The Egyptians are great at celebrating and documenting victories, yet we have a huge problem with long term planning. We always look at ‘what we did’ not ‘what we need to do’ and that is the cause of my biggest worry. Look at how up till now we are leaving off the fortunes and grandness of the Pharaonic Empire 5000 years ago, or the Salah Al Deen victory, or even the October 6 victory. I can’t deny that there are people who are thinking long-term sustainable projects and education for the future but I feel that they are too few, too far in between.

On the brighter side, the high school students in the school I work in did a much better job at thinking forward than the school staff. Let me share below part of their reflections on the happenings of the past month:

“We need more projects to help poor people and educate them, especially political education. If they don’t understand politics they will still vote for the first person who gives them 2kilos of meat.”

“We have to be creative in our methods of helping Egypt. We need to look for new and unique ways. Instead of cleaning the same street 5 times, how about providing garbage cans for people to throw trash in.”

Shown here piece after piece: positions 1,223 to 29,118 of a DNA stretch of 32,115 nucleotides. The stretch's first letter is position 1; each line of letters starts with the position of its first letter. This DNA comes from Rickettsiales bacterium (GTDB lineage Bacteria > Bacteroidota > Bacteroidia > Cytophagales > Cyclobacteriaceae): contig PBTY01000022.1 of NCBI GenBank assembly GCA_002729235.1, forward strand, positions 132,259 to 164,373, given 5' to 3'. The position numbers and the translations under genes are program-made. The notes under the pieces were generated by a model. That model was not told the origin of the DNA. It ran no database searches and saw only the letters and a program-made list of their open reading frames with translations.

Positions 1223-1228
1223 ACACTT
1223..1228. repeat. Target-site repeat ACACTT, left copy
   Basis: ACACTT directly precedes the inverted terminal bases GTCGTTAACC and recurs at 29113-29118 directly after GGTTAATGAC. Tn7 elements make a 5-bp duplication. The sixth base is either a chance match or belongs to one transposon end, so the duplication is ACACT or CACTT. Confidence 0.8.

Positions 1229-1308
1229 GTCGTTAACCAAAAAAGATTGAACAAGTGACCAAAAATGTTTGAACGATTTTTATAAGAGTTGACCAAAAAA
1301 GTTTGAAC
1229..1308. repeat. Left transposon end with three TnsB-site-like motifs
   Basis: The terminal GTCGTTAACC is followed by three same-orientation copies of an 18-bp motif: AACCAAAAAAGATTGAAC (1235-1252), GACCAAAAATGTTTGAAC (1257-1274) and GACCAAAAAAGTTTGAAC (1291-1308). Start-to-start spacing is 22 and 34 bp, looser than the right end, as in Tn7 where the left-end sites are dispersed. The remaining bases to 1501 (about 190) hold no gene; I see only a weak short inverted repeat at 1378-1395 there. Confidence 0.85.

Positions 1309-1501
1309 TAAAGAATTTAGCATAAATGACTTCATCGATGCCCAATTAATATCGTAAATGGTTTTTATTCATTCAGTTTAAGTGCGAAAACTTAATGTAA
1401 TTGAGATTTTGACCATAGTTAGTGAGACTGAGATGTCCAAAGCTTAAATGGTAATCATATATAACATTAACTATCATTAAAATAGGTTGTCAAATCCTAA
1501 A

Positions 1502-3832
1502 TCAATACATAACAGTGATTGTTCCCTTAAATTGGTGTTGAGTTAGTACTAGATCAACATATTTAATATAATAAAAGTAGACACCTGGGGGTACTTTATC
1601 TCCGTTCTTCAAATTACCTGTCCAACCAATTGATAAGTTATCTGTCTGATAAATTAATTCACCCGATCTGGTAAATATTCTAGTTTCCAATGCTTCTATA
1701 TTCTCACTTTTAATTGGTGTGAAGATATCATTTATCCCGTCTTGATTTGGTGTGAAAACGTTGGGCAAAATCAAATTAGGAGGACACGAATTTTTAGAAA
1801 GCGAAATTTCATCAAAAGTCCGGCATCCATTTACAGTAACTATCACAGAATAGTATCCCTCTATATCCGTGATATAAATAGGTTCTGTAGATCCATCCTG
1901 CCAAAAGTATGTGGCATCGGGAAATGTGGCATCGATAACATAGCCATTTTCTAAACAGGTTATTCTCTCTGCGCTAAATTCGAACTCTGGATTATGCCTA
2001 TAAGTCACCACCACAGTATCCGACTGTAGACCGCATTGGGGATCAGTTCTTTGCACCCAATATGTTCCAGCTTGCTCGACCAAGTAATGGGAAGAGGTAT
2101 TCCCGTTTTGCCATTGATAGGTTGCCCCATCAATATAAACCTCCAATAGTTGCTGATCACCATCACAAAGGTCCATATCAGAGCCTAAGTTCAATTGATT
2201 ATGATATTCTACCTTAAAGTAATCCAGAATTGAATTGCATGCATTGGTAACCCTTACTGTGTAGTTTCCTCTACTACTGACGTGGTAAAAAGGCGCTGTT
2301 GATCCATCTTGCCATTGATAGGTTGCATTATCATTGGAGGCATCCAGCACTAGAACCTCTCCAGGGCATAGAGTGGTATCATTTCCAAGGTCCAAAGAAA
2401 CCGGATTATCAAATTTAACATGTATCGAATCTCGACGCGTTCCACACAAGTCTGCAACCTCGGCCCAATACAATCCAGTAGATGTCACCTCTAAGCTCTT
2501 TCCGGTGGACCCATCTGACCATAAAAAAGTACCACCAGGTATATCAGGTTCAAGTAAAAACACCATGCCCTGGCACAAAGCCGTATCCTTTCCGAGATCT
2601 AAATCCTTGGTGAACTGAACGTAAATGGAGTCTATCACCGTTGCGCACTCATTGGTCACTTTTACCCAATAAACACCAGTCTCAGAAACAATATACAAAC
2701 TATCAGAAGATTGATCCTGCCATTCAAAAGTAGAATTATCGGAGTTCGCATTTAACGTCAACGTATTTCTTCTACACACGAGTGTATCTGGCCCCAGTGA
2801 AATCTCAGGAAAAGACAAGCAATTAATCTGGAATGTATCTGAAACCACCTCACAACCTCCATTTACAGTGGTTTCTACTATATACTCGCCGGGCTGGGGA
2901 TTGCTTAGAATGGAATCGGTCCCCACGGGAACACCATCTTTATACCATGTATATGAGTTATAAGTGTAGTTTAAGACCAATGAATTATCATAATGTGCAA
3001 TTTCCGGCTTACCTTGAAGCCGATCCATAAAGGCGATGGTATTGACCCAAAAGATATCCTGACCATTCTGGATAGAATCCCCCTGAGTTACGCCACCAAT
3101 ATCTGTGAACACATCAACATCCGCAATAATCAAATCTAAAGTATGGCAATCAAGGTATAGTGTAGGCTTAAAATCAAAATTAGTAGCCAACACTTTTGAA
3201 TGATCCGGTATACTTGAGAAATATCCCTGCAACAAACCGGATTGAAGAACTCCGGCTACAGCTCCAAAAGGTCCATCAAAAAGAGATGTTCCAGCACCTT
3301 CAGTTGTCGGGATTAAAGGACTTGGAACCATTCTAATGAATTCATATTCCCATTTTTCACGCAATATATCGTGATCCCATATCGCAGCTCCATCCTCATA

“The revolution is not about going to Tahrir to ask for things to change. Change comes from within and each person needs to prepare for it by changing his/her self. By changing what I do wrong, I can help change all that’s wrong in this country.”

“We need to be sustainable and find long-term projects. The spirit is great for now but we need to find a way to carry it forward into the future.”

“Now is not the time to point fingers and say who is pro and who is anti. It is the time for us to show mercy. Skepticism is not the way to move forward. People need to show patience and trust regarding their needs.”

“How does corruption start? Corruption happens out of lack of education. And education is the key to rebuilding our country. The economy will come afterwards and poverty will solve itself but education starts first.”

“You must understand that you are a part of Egypt and you will make a difference through your small contribution. Each person has to believe in his/her self and believe that they can make a difference with just an idea. If we listen to each other we can learn.”

It’s amazing how not a single one of them talked about how great the revolution is and how wonderful the people are, although I’m pretty sure they all thought that. But they all talked about one thing; the future and moving forward. And I think that is something we all need to do now.